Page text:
Weekend Update – 2/25/2012

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Good morning,

The sky is perfectly clear and beautiful today in Longview, Texas. The high today is supposed to be 64 degrees. Which is crazy considering that two days ago we had 85 degree weather. As they say, if you don’t like the weather in Texas right now just wait a moment.

My parents flew in for the weekend, for my son’s birthday, so we are going to spend some time with them. Hope everyone has a great weekend. Remember to get outside and enjoy the weather!

Bryan

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Being Atlas

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In my senior year of high school, I served as a background vocalist in my church’s youth praise band. Because of my “position” in the youth group, I was considered to be in leadership. At the time, I admit, I had no clue what that meant.

One day, I remember being approached by the pastor’s wife, she wanted to talk. Word had gotten back to her that I had been talking about a R-rated movie I had watched (The Patriot). While I didn’t think that this was any of her business, she was upset that I had been talking about this movie in front of others in the youth group. I didn’t see what the big deal was. I was told that because I was in leadership, I needed to either lead by example or step down. Time went on, I must not have changed, and soon I felt pressure to move on. I left the church in anger and frustration.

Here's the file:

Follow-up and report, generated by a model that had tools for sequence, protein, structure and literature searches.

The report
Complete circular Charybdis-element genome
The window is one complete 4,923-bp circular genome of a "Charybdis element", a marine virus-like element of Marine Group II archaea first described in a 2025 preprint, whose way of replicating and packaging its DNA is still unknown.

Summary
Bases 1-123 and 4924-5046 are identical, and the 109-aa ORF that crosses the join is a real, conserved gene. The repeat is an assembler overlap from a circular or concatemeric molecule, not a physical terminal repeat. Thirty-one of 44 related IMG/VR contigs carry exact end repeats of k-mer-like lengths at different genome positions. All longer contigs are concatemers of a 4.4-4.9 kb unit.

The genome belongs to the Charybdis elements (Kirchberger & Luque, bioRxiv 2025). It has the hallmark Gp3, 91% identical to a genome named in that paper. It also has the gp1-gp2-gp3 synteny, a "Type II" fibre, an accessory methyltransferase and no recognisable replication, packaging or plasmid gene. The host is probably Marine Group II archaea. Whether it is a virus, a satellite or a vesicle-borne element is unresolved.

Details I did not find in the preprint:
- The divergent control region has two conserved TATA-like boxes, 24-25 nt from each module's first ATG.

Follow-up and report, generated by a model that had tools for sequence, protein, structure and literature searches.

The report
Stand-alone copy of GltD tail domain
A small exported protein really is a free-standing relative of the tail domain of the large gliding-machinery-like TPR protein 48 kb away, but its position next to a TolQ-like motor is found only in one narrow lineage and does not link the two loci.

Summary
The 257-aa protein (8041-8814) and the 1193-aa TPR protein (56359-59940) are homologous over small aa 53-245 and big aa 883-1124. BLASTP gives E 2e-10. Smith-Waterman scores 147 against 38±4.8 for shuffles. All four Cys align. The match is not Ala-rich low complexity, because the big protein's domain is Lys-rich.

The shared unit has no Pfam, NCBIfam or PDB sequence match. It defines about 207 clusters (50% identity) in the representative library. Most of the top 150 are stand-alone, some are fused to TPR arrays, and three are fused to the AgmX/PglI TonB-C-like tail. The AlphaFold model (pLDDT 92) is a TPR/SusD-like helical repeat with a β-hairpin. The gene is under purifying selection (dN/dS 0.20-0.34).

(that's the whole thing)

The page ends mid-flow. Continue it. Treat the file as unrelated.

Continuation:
Looking back on this situation, I can understand it more as an adult. I can understand how talking about a movie (yes, something this simple) could potentially be damaging to other believers. Romans 14 goes into greater detail on this subject of the “weak” and “strong” in faith. Verses that really stick out to me are:

Therefore let us stop passing judgment on one another. Instead, make up your mind not to put any stumbling block or obstacle in the way of a brother or sister. (14:13)

Let us therefore make every effort to do what leads to peace and to mutual edification. 20 Do not destroy the work of God for the sake of food. (14:19-20a)

And finally:

So whatever you believe about these things keep between yourself and God. Blessed is the one who does not condemn himself by what he approves. (14:22)

I do not want to be a stumbling block to anyone. I do not want to destroy the work of God over something as petty as what I consume media-wise. With this in mind, anytime I write about a certain game or a game review on this site, I am writing about it just to share my experience. I am not writing about it to brag or to cause someone to stumble (“Hey look, Bryan is doing it, we can too!”). Just because I can guilt-free, without conviction, play a first person shooter doesn’t mean that you necessarily can. God may convict you over things that I am not convicted over. That is cool.

I now know that being in a leadership position, a position or platform in the open, automatically holds me to a higher standard. As a blogger, that is something that is constantly running through the back of my mind. I have a responsibility for what I write and say. Words can bring either life or death.

What do you think?

Wednesday Poll: What Game Should I Play Next?

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Darksiders Revisited